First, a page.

The Predator (2018)

Everything about The Predator makes it sound like it’s exactly My Thing. Director Shane Black’s most recent feature, The Nice Guys, is one of my favorite comedies in recent memory. His 1987 collaboration with screenwriter Frank Dekker, The Monster Squad, was a personally formative introduction to classic horror tropes & monsters for me as a young child. The original Predator film (in which Black appeared as an actor in a minor role) isn’t exactly my favorite Arnold Schwarzenegger classic, but is still a wonderfully tense, over-the-top sci-fi creature feature with an incredible monster design. Black’s latest sequel to that action-horror milestone even participates in a suburban-invasion monster movie trope that I’m always a sucker for, making me far more forgiving than most audiences for little-loved films like The Lost World: Jurassic Park, Strange Invaders, and even Alien vs. Predator: Requiem. That’s why it’s so baffling that The Predator is likely the worst experience I’ve had with a movie all year, a total letdown.

After the laugh-a-minute slapstick violence of The Nice Guys, the last thing I expected from The Predator was to relive my discomfort watching the Deadpool movies. The same performatively #edgy, coldly sarcastic, Gen-X throwback humor that makes Deadpool so exhaustingly unfunny is rampant here, with Black & Dekker indulging in their worst impulses as provocateur humorists who believe they’re pushing the envelope of Political Incorrectness but at this point are only reinforcing the status quo. The difference is that watching Deadpool with a live audience is an alienating experience where everyone in the room Gets The Joke but you, whereas The Predator’s humor falls flat with the entire room. Jokes about “Assburgers,” Tourette’s, “loonies,” and men named Gaylord play to laughless, stony silence. An extensive bit where Olivia Munn must strip naked to escape death is only made more uncomfortable by extratextual reports of the actor’s anger over been tricked into working with an undisclosed sexual predator in the cast (in a since-deleted scene). The problem isn’t that this style of juvenile shock humor is too offensive or tasteless to be enjoyed in public. It’s that it has become so old-fashioned that it’s too hacky to be funny.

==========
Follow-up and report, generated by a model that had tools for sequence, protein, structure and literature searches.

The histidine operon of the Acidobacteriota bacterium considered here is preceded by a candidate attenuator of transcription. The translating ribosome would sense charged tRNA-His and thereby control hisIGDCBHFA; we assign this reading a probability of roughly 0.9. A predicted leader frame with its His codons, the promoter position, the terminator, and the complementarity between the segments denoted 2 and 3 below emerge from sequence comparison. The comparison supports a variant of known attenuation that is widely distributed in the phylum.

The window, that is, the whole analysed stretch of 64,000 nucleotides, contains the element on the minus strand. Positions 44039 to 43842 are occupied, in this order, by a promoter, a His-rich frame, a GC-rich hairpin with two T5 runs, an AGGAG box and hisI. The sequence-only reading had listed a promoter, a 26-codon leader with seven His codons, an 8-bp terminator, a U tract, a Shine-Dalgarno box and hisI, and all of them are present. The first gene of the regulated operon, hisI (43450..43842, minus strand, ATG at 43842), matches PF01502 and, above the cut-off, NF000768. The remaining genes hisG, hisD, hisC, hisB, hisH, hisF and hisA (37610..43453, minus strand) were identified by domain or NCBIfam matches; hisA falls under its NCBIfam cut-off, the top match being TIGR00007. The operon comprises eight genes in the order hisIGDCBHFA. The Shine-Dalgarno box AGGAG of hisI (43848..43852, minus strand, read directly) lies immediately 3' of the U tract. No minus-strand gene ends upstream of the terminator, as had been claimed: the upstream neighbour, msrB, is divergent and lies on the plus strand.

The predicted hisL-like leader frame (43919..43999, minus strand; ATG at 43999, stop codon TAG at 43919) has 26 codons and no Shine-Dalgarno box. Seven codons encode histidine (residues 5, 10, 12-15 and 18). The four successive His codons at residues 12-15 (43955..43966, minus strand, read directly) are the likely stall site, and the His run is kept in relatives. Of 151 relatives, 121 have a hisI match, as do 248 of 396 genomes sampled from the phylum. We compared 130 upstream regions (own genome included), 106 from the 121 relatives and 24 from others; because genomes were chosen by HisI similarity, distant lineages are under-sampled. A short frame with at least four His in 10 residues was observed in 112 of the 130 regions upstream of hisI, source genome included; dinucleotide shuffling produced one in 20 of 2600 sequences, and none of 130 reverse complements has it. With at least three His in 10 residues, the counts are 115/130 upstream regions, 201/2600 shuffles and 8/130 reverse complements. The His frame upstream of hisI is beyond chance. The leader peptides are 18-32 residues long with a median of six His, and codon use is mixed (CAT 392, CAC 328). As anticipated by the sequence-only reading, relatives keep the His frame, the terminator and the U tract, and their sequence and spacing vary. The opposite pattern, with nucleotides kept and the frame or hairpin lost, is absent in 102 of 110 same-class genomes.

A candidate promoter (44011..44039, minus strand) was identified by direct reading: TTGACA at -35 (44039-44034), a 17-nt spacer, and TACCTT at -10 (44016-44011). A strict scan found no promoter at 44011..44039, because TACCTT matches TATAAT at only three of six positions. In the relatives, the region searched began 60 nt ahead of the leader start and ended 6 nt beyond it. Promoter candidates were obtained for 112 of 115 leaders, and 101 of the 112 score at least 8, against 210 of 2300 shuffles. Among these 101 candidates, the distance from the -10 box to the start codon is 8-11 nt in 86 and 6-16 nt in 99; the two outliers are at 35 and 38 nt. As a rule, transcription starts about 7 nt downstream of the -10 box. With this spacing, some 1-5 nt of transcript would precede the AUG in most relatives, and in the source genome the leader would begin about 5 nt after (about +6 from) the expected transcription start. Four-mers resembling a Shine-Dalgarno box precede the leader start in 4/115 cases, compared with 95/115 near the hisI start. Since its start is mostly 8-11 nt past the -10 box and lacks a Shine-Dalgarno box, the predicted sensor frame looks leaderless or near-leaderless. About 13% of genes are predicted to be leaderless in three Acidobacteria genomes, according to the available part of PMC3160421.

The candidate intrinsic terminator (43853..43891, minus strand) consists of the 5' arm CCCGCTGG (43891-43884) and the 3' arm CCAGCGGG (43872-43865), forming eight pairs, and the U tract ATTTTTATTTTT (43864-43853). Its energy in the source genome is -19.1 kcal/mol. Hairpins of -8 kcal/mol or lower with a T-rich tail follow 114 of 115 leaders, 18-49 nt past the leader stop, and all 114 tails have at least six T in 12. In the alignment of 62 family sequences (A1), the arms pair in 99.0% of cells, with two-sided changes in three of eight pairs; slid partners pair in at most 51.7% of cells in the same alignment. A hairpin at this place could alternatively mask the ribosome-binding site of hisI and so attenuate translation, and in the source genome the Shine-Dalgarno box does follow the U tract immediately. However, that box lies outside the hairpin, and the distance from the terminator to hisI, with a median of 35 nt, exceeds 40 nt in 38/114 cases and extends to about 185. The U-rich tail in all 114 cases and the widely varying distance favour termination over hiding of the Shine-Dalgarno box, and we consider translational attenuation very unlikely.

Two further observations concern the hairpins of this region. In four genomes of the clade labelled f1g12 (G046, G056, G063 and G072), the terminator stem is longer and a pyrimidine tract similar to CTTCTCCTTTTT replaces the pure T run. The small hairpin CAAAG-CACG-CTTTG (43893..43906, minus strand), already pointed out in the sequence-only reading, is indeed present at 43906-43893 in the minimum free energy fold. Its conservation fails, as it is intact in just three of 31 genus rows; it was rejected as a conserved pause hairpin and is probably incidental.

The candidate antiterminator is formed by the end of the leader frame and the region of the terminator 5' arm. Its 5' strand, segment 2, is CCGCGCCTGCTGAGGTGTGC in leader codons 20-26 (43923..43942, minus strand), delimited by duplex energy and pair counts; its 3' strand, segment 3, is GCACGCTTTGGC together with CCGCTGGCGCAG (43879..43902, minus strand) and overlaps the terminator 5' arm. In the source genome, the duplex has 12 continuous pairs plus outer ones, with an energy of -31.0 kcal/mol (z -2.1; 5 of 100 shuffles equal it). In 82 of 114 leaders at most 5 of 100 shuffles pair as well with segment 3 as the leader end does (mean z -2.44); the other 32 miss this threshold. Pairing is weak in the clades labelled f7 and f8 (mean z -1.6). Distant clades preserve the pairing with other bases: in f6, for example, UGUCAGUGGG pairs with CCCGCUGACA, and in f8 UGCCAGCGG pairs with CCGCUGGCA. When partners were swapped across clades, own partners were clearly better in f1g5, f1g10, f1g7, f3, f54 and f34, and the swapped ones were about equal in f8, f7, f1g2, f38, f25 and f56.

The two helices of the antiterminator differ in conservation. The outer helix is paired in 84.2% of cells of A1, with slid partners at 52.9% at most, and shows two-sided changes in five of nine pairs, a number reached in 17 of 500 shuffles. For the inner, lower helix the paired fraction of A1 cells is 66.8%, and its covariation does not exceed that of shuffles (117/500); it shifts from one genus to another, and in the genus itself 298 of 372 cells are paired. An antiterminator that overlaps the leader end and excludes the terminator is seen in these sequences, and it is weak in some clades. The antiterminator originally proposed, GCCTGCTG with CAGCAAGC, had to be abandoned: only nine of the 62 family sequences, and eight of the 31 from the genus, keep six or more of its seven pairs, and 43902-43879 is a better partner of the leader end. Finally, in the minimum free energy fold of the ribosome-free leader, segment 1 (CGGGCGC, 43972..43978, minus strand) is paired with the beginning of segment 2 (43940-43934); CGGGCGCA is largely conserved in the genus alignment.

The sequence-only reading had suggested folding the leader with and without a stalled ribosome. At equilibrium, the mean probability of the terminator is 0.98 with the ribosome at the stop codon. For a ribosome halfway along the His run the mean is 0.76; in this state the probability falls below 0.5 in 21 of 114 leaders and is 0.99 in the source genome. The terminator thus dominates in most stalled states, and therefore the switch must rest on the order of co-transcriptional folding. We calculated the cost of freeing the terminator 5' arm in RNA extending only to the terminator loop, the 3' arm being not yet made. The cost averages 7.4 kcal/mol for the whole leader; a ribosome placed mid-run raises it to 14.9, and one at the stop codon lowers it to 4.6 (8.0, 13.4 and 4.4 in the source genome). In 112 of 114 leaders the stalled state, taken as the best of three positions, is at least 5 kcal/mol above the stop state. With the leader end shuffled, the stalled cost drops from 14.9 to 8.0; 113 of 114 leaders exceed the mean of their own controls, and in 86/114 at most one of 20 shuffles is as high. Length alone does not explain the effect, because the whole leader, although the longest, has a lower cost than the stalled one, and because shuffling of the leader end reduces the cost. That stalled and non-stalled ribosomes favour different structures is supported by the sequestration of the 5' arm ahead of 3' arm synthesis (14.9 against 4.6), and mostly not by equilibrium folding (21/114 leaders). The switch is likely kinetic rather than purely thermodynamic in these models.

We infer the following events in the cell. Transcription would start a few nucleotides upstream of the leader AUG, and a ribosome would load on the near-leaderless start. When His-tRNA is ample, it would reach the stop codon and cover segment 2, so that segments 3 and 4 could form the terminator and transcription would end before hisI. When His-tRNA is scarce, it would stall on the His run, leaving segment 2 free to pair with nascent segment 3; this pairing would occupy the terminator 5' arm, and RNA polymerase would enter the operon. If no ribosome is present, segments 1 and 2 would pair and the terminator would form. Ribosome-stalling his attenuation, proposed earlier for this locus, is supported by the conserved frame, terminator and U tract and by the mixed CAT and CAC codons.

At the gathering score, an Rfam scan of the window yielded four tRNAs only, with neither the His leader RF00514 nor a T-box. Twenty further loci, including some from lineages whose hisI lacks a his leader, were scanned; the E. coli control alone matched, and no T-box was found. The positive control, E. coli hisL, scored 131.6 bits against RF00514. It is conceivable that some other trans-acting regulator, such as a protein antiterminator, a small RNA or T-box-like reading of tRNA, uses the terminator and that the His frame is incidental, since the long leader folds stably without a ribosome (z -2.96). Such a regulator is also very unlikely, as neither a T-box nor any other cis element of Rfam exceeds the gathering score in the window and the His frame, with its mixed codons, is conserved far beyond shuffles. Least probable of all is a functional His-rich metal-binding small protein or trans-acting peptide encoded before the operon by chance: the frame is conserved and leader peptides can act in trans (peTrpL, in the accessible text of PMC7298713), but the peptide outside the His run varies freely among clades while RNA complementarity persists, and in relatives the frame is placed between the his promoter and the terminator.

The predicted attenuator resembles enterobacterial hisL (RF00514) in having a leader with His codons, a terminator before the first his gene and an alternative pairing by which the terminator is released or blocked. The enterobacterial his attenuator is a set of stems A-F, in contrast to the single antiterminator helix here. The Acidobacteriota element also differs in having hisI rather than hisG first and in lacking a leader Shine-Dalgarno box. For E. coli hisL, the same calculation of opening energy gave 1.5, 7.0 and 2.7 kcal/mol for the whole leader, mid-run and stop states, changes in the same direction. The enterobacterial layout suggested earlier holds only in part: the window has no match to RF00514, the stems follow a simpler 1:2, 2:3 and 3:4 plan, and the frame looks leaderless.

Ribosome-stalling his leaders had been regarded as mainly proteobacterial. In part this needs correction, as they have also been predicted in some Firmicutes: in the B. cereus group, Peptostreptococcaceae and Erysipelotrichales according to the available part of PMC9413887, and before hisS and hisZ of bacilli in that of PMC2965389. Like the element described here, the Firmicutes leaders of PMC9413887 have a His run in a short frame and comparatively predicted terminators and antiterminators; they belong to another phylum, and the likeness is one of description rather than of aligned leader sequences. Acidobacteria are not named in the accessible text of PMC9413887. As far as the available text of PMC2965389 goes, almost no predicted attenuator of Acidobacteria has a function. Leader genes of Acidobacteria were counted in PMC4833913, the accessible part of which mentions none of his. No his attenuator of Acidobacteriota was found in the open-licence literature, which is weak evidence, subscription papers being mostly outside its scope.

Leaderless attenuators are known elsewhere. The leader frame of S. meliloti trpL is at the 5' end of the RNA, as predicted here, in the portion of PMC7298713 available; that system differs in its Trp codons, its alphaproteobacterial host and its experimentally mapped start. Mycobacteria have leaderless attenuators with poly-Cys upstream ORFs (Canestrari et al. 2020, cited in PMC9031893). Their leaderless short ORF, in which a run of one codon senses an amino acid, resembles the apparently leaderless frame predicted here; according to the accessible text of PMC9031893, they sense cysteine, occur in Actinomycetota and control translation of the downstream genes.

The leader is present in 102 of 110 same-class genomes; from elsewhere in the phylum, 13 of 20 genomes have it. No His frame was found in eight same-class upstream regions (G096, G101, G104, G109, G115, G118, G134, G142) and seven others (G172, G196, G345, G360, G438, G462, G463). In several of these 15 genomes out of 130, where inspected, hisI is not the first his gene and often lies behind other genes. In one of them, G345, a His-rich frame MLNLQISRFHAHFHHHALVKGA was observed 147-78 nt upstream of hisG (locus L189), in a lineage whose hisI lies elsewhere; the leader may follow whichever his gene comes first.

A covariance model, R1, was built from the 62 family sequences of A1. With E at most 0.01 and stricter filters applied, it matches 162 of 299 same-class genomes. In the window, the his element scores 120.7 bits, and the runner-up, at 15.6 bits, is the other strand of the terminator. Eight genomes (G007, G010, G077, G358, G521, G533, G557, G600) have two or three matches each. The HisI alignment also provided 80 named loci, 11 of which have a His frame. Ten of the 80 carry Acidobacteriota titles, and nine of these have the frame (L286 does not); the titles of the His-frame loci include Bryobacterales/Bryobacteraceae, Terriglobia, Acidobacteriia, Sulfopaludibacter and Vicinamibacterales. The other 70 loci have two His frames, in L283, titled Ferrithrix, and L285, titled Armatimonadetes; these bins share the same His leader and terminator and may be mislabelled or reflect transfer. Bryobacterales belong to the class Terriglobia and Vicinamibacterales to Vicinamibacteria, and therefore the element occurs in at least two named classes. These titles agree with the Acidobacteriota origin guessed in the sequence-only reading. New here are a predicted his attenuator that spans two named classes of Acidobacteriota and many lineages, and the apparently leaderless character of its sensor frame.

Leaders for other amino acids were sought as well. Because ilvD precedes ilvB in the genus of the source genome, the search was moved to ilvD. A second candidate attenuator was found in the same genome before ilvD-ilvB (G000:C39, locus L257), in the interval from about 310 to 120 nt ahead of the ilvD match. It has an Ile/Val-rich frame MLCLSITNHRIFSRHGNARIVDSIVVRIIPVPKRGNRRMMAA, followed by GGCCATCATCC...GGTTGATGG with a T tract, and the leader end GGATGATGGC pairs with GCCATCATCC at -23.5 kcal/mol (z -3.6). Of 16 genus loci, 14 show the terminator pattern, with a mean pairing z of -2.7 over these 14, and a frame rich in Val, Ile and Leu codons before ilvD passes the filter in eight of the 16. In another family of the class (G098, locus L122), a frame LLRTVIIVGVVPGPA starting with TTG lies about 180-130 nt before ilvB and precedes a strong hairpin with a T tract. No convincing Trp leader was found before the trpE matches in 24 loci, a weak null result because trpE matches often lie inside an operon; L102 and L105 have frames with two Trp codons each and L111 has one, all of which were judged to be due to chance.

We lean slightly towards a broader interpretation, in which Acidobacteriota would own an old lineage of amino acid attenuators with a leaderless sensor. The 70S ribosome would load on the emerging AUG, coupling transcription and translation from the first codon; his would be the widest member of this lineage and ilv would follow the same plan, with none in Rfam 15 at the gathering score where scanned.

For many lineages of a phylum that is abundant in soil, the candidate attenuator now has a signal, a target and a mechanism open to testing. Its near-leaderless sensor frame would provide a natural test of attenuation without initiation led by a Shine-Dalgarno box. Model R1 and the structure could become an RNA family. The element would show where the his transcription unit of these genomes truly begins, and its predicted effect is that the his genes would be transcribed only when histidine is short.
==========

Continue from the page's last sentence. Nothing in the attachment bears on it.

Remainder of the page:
A UFO crashes, releasing a Predator at the edge of the suburbs. The government attempts to cover it up. Escaped mental patients feebly attempt to kill it. A precocious child (played by Jacob Tremblay, who might need the talent agent equivalent of Child Protective Services at this point of his career) saves the day through his autistic superbrain. It’s all wacky, disconnected nonsense barely edited together with any sense of linear coherence in service of franchise-minded worldbuilding. Some of the franchise set-up is admittedly fun – namely in the film’s conceit that the Predators are intergalactic travelers that purposefully merge their DNA with various species, leading to hybrid specimens like dog-Predators & gigantic mega-Predators. Mostly, though, it makes The Predator feel like an inconsequential episode in a franchise looking to reinvigorate itself for future follow-ups. In true Deadpool fashion, Black & Dekker even joke about that franchise-wide storytelling style in the dialogue, having a government goon explain that the Predators have arrived on Earth before in ’87 & ’97, “but lately visits have been increasing in frequency,” a blatant dig at projects like the Alien vs. Predator crossovers and 2011’s (totally fine, but mostly forgotten) Predators. The problem is, though, that like most of the film’s humor, the joke falls flat and only serves to question what we’re even doing here, why we’re even bothering – both as creators and as audience.